Here's an excerpt from Harvest Capital's letter to shareholders:
"The board must be held accountable for years of poor performance and substantial shareholder value destruction. The board's recent and reactionary changes disenfranchise shareholders and fail to address Green Dot's long-term underperformance under CEO Steve Streit."
Harvest Capital said in its letter that it had remained loyal shareholders despite "management's broken promises, unrelenting execution failures, erroneous financial forecasts, and misleading investor communications."
In the letter, Harvest Capital also accused the members of the board of complacently turning a blind eye towards Streit's "undeniable performance shortcomings."
Changes are being made
As Green Dot prepares for this historic proxy fight with Harvest Capital, it has taken steps that are proving favorable to its stock performance. This includes an effort called the Six Step Plan, which Green Dot is hoping will contribute to it achieving an earnings per share of $1.75 by 2017.
When the company made that announcement in February, it also reiterated its commitment to spending an additional $50 million of its cash-on-hand this year as part of its previously announced $150 million share repurchase program.
More specifically, under the agreement, Green Dot will receive an initial delivery of approximately 1.9 million shares. The final number of shares to be repurchased and the aggregate cost per share to Green Dot will be based on Green Dot's volume-weighted average stock price during the term of the transaction, which is expected to be completed by November.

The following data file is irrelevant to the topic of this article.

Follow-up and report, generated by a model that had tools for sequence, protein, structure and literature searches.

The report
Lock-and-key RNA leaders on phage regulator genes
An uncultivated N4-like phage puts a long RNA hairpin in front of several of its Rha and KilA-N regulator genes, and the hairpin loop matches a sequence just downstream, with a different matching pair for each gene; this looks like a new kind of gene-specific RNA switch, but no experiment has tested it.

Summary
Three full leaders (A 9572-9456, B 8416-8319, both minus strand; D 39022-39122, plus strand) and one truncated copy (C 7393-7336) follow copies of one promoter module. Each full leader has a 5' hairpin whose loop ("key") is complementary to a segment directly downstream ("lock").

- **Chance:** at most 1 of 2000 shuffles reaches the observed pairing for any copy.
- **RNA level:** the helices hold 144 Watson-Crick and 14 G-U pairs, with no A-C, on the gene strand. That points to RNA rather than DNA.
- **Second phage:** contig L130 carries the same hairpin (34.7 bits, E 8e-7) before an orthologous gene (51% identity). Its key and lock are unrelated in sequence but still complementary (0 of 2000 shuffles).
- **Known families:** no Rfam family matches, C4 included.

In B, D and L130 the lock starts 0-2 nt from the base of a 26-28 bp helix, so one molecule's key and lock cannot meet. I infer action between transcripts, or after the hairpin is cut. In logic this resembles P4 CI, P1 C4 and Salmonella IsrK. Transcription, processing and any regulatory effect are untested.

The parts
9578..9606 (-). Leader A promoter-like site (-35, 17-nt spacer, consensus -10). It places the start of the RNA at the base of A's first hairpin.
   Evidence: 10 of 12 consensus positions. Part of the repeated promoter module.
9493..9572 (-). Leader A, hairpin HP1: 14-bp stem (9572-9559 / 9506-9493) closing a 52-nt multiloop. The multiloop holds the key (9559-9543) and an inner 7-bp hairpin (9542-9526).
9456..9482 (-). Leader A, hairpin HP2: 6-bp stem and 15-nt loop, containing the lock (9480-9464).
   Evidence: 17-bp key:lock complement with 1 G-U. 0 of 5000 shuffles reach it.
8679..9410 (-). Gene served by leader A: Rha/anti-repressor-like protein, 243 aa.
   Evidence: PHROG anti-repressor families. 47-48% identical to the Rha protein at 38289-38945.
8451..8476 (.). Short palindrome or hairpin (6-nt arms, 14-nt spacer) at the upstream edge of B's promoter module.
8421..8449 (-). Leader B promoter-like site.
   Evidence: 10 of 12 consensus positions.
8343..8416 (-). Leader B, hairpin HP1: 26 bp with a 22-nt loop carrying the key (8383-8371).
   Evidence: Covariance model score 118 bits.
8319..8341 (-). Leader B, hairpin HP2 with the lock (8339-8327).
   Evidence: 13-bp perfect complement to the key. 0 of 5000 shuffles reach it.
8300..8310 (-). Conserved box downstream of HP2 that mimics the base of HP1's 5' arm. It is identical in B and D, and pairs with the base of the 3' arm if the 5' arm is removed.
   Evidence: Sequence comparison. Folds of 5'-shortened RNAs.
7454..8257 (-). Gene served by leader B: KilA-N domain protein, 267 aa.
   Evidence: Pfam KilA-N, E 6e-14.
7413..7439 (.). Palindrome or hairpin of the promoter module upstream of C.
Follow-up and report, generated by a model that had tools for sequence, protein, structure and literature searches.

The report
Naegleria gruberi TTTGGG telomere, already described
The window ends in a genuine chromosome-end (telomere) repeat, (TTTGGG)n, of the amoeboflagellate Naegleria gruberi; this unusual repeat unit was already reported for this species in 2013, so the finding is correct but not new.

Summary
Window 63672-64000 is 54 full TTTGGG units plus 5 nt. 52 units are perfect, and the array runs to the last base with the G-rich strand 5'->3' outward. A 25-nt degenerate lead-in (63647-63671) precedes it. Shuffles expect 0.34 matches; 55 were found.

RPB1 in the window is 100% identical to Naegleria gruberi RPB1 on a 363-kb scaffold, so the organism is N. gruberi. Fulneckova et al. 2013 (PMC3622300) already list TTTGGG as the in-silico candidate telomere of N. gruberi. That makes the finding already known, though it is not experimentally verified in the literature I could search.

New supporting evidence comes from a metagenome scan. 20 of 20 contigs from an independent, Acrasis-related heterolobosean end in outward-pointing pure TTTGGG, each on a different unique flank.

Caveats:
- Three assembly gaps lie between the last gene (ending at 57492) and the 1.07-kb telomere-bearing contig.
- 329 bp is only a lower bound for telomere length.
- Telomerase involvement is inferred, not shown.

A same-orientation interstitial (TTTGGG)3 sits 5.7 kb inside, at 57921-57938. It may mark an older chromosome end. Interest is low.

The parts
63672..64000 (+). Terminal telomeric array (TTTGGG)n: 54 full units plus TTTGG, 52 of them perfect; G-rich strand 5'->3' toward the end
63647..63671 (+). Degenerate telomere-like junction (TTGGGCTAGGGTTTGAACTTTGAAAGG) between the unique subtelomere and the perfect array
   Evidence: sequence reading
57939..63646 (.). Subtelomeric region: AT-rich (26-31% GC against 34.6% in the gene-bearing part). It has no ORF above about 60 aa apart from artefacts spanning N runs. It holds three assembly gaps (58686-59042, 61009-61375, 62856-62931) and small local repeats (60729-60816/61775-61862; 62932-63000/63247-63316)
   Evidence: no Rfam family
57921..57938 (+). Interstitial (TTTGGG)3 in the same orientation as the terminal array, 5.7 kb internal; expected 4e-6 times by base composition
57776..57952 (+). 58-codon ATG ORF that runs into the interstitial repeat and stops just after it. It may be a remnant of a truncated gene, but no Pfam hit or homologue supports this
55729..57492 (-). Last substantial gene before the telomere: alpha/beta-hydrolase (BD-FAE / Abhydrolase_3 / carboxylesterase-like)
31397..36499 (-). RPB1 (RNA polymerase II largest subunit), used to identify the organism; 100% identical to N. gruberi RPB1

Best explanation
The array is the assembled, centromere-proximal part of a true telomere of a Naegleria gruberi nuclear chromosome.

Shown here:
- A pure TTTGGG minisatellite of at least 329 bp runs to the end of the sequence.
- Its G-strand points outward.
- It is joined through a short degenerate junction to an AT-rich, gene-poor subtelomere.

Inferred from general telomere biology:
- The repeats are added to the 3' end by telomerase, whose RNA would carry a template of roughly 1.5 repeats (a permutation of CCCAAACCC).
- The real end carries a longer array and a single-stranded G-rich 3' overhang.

Green Dot states that it has now repurchased $100 million of its Class A common stock since September of 2015 when Green Dot's regulators first approved the program. Green Dot has stated that it is committed to executing the remaining $50 million under its $150 million repurchase authorization by 2017.
Other positive developments
On April 18, Green Dot announced that it had relaunched Money Pak, a service that allows buyers of its prepaid cards to reload them with cash at retailers. The product started rolling out to retailers earlier this month. Those retailers include Kroger (NYSE:KR) and Rite Aid (NYSE:RAD). This relaunch should contribute to the success of the Six Step Plan.
More positive news could come on May 4, when Green Dot reports its first-quarter earnings for 2016.
I understand the frustrations from investors, but I see Green Dot improving its financials and stock price over the long term.
Disclosure: I/we have no positions in any stocks mentioned, and no plans to initiate any positions within the next 72 hours.
I wrote this article myself, and it expresses my own opinions. I am not receiving compensation for it (other than from Seeking Alpha). I have no business relationship with any company whose stock is mentioned in this article.